2Faculty of Biotechnology, Lomonosov Moscow State University, 119991 Moscow, Russia
3Kurchatov Center for Genome Research, National Research Centre “Kurchatov Institute”, 123182 Moscow, Russia
* To whom correspondence should be addressed.
# These authors contributed equally to this study.
Received September 12, 2022; Revised October 31, 2022; Accepted November 14, 2022
Chromatin spatial organization in the nucleus is essential for the genome functioning and regulation of gene activity. The nuclear lamina and lamina-associated proteins, lamins, play a key role in this process. Lamin dysfunction leads to the decompaction and transcriptional activation of heterochromatin, which is associated with the premature aging syndrome. In many cell types, telomeres are located at the nuclear periphery, where their replication and stability are ensured by the nuclear lamina. Moreover, diseases associated with defects in lamins and telomeres have similar manifestations and resemble physiological aging. Understanding molecular changes associated with aging at the organismal level is especially important. In this study, we compared the effects caused by the mutation in lamin B and physiological aging in the germline of the model organism Drosophila melanogaster. We have shown that the impaired localization of lamin B leads to the heterochromatin decompaction and transcriptional activation of some transposable elements and telomeric repeats. Both DNA damage and activation of homologous recombination in the telomeres were observed in the germ cells of lamin B mutants. The instability of repeat-enriched heterochromatin can be directly related to the genome destabilization, germ cell death, and sterility observed in lamin B mutants. Similar processes were observed in Drosophila germline in the course of physiological aging, which indicates a close link between the maintenance of the heterochromatin stability at the nuclear periphery and mechanisms of aging.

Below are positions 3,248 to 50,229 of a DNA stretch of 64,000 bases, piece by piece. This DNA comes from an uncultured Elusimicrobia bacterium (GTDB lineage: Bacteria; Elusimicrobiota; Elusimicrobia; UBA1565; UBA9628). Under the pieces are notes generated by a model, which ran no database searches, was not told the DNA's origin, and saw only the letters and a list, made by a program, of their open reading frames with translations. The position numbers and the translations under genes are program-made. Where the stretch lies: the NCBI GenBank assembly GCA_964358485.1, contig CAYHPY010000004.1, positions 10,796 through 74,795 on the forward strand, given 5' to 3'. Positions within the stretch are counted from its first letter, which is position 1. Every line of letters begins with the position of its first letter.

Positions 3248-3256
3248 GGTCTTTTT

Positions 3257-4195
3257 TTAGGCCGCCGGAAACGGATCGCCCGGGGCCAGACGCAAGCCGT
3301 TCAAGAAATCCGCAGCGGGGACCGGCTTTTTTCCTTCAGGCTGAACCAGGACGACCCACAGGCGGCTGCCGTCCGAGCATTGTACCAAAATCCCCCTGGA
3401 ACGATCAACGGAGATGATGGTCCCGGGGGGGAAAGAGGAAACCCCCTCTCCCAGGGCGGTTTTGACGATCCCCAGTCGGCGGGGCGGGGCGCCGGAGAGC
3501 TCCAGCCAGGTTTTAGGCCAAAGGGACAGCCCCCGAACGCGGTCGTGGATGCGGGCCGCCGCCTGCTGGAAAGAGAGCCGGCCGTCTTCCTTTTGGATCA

KEY WORDS: lamin B, telomeres, aging, germline, heterochromatin, retrotransposons, transcription, recombination, Rad51, γH2Av, Drosophila